What is predictive analytics? Why should a small business worry about it?

Predictive analytics refers to a collection of processes and mathematical tools which can be applied to solve some common business problems.

Can we forecast the sales of our product based on seasons or geographic regions? Can we determine which prospects are most likely to become customers? Can we identify which customers are likely to jump to a competitor? Can we predict if a transaction is likely to be fraudulent? Can we predict which machinery/equipment is likely to fail – and if so how much time do we have left? Can we segment our customers quickly and automatically so that we can develop appropriate marketing campaigns for each segment? If someone buys an item X from our (web) store, which other items (Y or Z or …) are they most likely to purchase? These are some common issues tackled and there are many more.

predictive analytics facts small business

How is analytics used in businesses today?

In a variety of ways. Probably the most common application is demand forecasting. This is because every business has historical sales data of some sort and for small businesses, growing the top line is a matter of survival. Another critical application is customer retention: retaining existing customers is many times cheaper than acquiring new ones. A third area (important for new businesses) is identifying which prospect groups are most likely to adopt their products or services so that the precious marketing dollars can be spent on the most promising ones.

If a business owner wants to dip their toes into predictive analytics, how can they get started?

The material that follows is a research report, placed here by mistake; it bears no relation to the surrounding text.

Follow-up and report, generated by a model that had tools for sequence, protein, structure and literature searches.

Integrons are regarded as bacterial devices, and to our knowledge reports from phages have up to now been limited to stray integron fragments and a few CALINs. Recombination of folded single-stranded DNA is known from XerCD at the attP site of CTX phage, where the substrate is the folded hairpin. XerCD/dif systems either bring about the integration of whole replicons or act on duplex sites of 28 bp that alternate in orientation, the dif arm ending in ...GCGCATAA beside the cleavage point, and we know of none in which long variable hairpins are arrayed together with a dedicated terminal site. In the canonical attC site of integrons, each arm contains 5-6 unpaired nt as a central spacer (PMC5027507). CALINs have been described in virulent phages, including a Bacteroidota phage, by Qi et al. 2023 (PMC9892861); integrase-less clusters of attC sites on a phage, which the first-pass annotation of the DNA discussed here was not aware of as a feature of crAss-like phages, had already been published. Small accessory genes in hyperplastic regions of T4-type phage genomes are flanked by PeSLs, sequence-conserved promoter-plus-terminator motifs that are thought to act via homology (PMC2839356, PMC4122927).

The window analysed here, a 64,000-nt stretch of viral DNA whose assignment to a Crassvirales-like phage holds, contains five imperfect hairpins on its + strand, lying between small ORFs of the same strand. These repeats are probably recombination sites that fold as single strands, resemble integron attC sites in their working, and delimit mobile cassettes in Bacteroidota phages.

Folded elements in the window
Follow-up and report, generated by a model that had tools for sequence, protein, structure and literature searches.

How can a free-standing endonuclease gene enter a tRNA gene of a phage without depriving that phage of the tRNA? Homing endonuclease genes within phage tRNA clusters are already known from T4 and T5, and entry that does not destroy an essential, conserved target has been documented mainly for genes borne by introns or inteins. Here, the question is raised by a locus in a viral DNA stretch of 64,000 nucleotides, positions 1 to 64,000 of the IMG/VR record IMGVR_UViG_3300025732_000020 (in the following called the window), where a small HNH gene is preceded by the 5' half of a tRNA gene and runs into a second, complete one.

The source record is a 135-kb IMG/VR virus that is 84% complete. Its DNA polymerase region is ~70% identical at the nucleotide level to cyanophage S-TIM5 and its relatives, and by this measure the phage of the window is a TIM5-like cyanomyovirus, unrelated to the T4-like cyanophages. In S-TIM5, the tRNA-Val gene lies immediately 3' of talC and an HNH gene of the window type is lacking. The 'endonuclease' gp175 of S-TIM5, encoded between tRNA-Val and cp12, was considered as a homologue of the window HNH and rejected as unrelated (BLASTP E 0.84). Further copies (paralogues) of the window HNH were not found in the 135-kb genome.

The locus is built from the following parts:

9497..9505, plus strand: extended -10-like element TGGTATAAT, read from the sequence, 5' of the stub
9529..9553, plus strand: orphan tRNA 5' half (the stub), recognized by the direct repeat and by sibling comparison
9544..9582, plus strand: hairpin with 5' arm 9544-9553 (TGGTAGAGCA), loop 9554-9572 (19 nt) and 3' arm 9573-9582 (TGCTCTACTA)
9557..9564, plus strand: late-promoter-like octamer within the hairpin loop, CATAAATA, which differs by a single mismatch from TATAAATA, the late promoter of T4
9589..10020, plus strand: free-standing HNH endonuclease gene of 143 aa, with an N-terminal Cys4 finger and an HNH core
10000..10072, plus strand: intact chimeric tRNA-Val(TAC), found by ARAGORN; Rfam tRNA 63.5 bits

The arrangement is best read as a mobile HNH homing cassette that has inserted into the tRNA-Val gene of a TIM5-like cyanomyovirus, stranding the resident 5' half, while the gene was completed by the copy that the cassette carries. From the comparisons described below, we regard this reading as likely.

The best way is to start by understanding which business problems are the most critical. Then explore if you have the right data (and sufficient data) to address these problem using predictive analytics. You do not need to run out and invest in tools – and there are hundreds of different ones ranging in price from a few thousand dollars to hundreds of thousands. Software is not the first investment you need to make.  Plus there are many robust open-source (meaning free to use) software tools which a small business can rely on. Start with one of these. 

Do not jump to hire a data scientist (even if you can afford one). Build a proof of concept on your most important business problem using open source tools by working with consultants who are focused on helping SMBs.

Predictive analytics is a means to an end – you don’t have to do it because everyone seems to be doing it. Invest in it for the right reasons. If you have a well-defined business objective that involves predicting some future outcomes which are critical to business, you have the right reasons.

Originally posted on Wed, May 20, 2015 @ 08:53 AM

Photo by Agence Olloweb on Unsplash

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